What's New

For the first time ever, Philmont offers Wood Badge in Spanish

Todos los Scouts se merece un líder entrenado.

In other words, “Every Scout deserves a trained leader.”

The statement is true in any language, and now, Scout leaders who are more comfortable speaking Spanish can take the highest level of adult leader training, Wood Badge, at a first-of-its-kind national Spanish-language Wood Badge course taught at the Philmont Training Center in Cimarron, N.M.

The course, held in conjunction with the Asociación de Scouts de México, takes place July 29 to Aug. 4, 2012. Read on for all the details.

Like all Wood Badge courses, participants at Spanish Wood Badge will learn new leadership skills and how to apply them to their pack, troop, team, or crew; leave with a better understanding of Scouting’s values; and revitalize their commitment to Scouting by sharing in an inspirational experience.

After their week at Philmont, participants will complete “ticket” items meant to better themselves, their Scout unit, and their community.

Spanish Wood Badge

WHERE: Philmont Training Center in Cimarron, N.M.

WHEN: July 29 to Aug. 4, 2012

HOW MUCH: $400, which includes everything but transportation to Philmont

LEARN MORE: At the official site or by contacting Oscar Santoyo in the Program Impact Department at 972-580-2488 or via email.

REGISTER: Visit the English registration page or the Spanish registration page

OFFICIAL FLYER: Click here to download (PDF).

Related

A Spanish Wood Badge course at Philmont is new, but the BSA has offered adult-leader training in Spanish for a while now.

This page collects all of these Spanish-language training resources.

Clarification: A previous version of this post indicated this was the first Spanish-language Wood Badge course in history, but I have since learned (from Mike W. and others) that the Puerto Rico Council and other local councils have offered a Spanish-language course for some time. I’ve changed the post to indicate this is the first one held at Philmont.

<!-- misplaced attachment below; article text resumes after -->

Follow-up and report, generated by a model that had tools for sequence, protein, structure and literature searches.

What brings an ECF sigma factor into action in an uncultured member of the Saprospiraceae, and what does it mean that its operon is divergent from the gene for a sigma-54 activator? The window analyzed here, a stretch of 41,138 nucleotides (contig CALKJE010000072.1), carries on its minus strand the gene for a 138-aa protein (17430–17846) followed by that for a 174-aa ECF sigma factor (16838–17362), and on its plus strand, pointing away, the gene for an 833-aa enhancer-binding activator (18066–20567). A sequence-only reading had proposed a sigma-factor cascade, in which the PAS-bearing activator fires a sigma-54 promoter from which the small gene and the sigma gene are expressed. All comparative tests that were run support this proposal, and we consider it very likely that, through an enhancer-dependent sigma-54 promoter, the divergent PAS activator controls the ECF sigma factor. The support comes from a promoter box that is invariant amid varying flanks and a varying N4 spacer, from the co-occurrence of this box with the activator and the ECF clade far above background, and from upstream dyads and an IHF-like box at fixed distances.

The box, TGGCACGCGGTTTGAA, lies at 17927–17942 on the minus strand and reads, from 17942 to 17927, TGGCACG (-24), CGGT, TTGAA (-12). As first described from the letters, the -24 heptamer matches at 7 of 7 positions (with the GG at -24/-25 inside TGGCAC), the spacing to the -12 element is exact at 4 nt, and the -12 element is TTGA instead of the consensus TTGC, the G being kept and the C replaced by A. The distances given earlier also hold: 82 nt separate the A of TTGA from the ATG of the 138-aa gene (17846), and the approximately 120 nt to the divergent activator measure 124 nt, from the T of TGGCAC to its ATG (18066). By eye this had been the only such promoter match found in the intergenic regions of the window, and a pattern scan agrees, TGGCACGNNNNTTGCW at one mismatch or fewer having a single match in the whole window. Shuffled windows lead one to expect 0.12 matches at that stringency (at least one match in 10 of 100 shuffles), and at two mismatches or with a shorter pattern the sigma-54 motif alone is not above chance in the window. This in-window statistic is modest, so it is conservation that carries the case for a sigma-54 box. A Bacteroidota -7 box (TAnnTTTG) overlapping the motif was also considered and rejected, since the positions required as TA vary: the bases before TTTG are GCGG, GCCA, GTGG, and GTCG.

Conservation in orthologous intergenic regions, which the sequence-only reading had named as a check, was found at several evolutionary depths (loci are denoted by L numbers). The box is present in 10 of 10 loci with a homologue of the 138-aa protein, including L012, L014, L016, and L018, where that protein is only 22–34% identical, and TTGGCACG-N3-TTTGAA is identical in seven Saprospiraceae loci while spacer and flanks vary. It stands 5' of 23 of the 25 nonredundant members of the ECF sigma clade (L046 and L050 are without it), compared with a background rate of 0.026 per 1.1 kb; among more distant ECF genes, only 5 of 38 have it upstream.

Photo by Flickr user Hyougushi.

13 Comments on For the first time ever, Philmont offers Wood Badge in Spanish

  1. Jay Schnapp // May 24, 2012 at 9:58 am // Reply

    I’m pretty sure this is _not_ correct. There was at least one Spanish language WB Course in NYC in the 1970’s. Andrew Rivera was the course director.

    • Jay, that might be true. However, this is the first Wood Badge for the 21st Century course that I’m aware of.

  2. Bryan: You’re forgetting about the Wood Badge for the 21st Century courses being conducted by the Pureto Rico Council; they have been offering courses in 100 percent Spainish for some time, at least two or three courses since we’re converted to the new Wood Badge format.

    This, however, would be the FIRST SPAINISH WOOD BADGE COURSE offered at Philmont’s Volunteer Training Center.

    • Thanks, Mike. Wasn’t aware of that. I changed the post.

      • This is the 1st National Wood Badge Course in spanish. Never been done in the National stage.

  3. Jared Olschewski // May 24, 2012 at 10:28 am // Reply

    The Trapper Trails Council has held three Spanish language courses starting in 2008, and there is a council in the Southern Region that will host one this summer.

  4. Excited to see WB21 in Spanish being offered at Philmont. We started offering WB21 in Spanish in the Great Salt Lake Council at least five years ago. Not so important as to who is first, just glad it is happening more and more! It was quite a challenge to convert the syllabus to Spanish but the good Scouters of the GSLC got it done!

  5. I will see you all there!!! My bags are packed!!

  6. Deaf Scouter & Eagle Mom // May 24, 2012 at 1:33 pm // Reply

    Next on the list would be Wood Badge in ASL… *laughing
    Heard Alamaba already has several ASLers on their Wood Badge and Order of the Arrow staff. too bad I’m in New York… *grins